As far as those diamond-in-the-rough players that also get their fair share of love, they actually take up a sizable portion of the draft. 61 players were drafted with a rating of two stars or less–that’s almost a quarter of all the players taken in the draft (23.8% to be more precise). Normally, I’d say that Notre Dame would get roasted for taking players like that in their draft class, but these also include walk-ons and the Irish just so happen to have a walk-on that might have an outside shot at landing on an NFL team next season in Joe Schmidt.
Three-star selections account for the lion’s share of the picks in the draft (~44%) with the class of 2011 (your seniors and redshirt juniors) taking up the largest piece of that pie. This all points once again to a strong, developed senior class being the ticket to a strong draft class.
So yes, it’s certainly great to have the ability to brag post-draft that the guys you were watching on Saturdays will start playing on Sundays, but it certainly isn’t a solid measuring stick year in and year out. With eight players departing in last year’s draft and six the year before that, there was bound to be a gap year for the Irish in the draft.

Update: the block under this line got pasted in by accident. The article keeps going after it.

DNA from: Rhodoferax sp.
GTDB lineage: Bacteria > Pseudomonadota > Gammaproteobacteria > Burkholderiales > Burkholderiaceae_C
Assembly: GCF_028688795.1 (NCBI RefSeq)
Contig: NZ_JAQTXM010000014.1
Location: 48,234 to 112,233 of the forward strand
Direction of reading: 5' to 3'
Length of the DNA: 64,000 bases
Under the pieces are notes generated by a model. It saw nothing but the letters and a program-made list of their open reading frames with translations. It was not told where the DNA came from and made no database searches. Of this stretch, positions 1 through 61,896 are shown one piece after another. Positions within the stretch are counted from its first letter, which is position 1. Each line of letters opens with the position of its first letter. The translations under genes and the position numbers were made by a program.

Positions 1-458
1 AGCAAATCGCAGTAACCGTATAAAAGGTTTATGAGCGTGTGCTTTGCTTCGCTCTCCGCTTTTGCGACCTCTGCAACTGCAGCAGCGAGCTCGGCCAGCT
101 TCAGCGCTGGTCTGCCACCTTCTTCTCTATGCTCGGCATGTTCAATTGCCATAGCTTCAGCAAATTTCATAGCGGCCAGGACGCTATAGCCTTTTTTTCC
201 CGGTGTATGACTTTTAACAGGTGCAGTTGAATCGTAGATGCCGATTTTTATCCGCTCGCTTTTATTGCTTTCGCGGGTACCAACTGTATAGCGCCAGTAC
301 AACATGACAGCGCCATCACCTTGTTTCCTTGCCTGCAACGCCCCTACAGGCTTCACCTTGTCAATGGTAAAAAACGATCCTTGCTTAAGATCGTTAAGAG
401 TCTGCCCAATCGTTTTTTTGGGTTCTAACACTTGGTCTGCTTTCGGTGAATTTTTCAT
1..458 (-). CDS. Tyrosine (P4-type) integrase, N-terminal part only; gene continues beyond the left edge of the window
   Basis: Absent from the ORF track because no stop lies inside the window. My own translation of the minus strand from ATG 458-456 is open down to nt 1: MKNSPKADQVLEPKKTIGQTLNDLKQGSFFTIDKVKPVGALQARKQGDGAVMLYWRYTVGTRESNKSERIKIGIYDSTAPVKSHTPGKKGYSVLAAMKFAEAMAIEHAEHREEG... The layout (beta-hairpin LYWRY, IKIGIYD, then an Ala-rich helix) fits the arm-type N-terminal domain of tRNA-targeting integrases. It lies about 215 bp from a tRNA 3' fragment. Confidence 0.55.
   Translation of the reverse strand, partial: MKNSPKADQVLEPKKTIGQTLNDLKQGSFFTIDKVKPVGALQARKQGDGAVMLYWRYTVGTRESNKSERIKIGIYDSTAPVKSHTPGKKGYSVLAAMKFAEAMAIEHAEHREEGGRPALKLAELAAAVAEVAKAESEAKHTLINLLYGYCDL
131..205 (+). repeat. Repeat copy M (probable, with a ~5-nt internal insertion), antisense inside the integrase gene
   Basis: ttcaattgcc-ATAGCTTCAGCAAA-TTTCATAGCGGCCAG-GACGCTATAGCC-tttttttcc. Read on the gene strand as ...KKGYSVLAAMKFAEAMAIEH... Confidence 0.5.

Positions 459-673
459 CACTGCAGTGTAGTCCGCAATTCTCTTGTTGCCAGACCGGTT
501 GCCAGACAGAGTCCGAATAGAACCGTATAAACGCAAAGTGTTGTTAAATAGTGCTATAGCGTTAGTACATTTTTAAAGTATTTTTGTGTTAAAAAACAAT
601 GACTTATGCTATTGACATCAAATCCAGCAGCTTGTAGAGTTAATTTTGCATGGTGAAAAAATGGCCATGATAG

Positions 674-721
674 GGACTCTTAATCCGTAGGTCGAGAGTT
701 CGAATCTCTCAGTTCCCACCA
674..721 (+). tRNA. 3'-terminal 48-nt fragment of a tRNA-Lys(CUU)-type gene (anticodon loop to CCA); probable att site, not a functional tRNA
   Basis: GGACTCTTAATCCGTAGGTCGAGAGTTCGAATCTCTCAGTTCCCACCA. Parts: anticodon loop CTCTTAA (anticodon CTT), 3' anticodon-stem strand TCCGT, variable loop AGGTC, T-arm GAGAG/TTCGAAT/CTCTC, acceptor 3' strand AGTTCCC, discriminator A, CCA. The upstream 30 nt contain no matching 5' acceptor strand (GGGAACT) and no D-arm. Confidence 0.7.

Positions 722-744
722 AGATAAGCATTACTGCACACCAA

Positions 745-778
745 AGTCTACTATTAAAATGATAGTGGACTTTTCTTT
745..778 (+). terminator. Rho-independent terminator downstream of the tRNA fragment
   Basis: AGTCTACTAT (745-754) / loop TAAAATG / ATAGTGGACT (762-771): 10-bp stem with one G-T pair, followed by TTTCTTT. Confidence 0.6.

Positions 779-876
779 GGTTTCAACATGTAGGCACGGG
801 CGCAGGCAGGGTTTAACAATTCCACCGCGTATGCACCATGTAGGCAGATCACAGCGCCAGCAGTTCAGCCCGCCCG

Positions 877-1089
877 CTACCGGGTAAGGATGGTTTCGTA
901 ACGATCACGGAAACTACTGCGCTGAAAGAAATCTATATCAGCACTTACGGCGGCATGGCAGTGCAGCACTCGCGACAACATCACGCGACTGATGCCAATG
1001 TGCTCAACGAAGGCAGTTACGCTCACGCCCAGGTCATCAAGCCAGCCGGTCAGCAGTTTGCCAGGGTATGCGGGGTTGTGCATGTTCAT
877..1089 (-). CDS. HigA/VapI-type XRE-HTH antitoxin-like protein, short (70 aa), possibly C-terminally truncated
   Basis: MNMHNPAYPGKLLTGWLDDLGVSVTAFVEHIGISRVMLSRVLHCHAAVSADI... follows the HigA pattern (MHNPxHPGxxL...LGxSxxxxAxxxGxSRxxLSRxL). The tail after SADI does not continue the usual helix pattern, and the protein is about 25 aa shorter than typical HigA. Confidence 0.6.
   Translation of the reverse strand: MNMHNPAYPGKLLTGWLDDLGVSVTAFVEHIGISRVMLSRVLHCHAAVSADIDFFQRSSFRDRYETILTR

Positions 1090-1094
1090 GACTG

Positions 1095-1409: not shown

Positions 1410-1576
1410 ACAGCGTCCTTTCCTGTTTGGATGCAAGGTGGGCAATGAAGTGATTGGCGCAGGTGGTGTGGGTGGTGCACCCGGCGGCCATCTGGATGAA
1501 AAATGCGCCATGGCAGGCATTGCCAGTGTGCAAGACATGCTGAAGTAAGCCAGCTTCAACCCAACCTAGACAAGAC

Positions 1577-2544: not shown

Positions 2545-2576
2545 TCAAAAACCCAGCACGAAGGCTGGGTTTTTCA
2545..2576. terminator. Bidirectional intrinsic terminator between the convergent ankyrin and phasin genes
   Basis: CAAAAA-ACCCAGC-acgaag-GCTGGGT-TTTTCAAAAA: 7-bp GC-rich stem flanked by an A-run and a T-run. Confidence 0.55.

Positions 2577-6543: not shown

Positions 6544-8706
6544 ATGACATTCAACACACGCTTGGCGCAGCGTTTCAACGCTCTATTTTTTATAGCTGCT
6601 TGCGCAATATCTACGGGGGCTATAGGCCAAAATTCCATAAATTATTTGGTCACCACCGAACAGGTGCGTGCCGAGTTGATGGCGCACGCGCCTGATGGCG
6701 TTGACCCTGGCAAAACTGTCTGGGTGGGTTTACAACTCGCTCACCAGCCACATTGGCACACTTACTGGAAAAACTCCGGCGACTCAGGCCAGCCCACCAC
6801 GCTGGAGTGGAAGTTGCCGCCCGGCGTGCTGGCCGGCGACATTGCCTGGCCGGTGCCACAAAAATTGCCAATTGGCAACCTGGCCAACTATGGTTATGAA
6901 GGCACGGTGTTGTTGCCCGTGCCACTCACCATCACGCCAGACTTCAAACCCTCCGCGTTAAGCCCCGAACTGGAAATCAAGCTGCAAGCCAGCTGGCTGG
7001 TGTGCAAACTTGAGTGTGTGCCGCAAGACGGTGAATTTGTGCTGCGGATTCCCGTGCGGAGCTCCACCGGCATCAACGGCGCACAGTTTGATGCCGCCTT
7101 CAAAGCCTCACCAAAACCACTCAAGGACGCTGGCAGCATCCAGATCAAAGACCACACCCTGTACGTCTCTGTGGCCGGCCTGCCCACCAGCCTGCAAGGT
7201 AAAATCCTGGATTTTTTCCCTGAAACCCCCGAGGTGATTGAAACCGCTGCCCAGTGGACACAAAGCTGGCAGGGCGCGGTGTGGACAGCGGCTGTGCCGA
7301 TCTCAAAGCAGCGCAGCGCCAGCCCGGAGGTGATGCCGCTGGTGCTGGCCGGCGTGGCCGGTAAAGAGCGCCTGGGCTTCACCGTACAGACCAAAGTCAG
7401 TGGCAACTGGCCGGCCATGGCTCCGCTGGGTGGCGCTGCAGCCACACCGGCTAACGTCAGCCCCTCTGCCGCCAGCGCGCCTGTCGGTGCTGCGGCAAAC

There were simply too many gaps to fill with a lot of young talent who needed to make their mark on the depth chart rather than the draft. A handful of players could have left early to boost number, but they didn’t.
All of that talent is coming back to play another year for Brain Kelly and we should be nothing but over-the-moon excited about it. Don’t convince yourself that this is a sign that Kelly failed to develop talent. On the contrary, this program unbelievably healthy and continuing to move in the right direction.
Now, should next year’s draft see only one player drafted, something went terribly wrong and I’ll be the first to start screaming that the sky is falling. But for now, take a deep breath and get ridiculously excited for the potential that the 2015 squad has.
Texan by birth, Irish by choice.
Born and raised in the great state of Texas, Tex is a first-generation Domer and a former student manager. After graduation, he left the cold winters of South Bend behind and returned back to his home state with a computer engineering degree in tow. Missing the daily grind of working football practices and talking football with fellow Irish fans every day, he took to blogging, a path which eventually led him to Her Loyal Sons. Continuously diving into stats and game film, Tex strives to break down every aspect of Fighting Irish football--even though it's determined to kill him.
Latest posts by Ryan Ritter (see all)
- Notre Dame, New Year’s Six, and ACC Bowl Bids: A Definitive Guide - November 12, 2019
- HLS Podcast: Week 11, Notre Dame at Duke Recap - November 10, 2019
- HLS Podcast: Notre Dame @ Duke Sim - November 8, 2019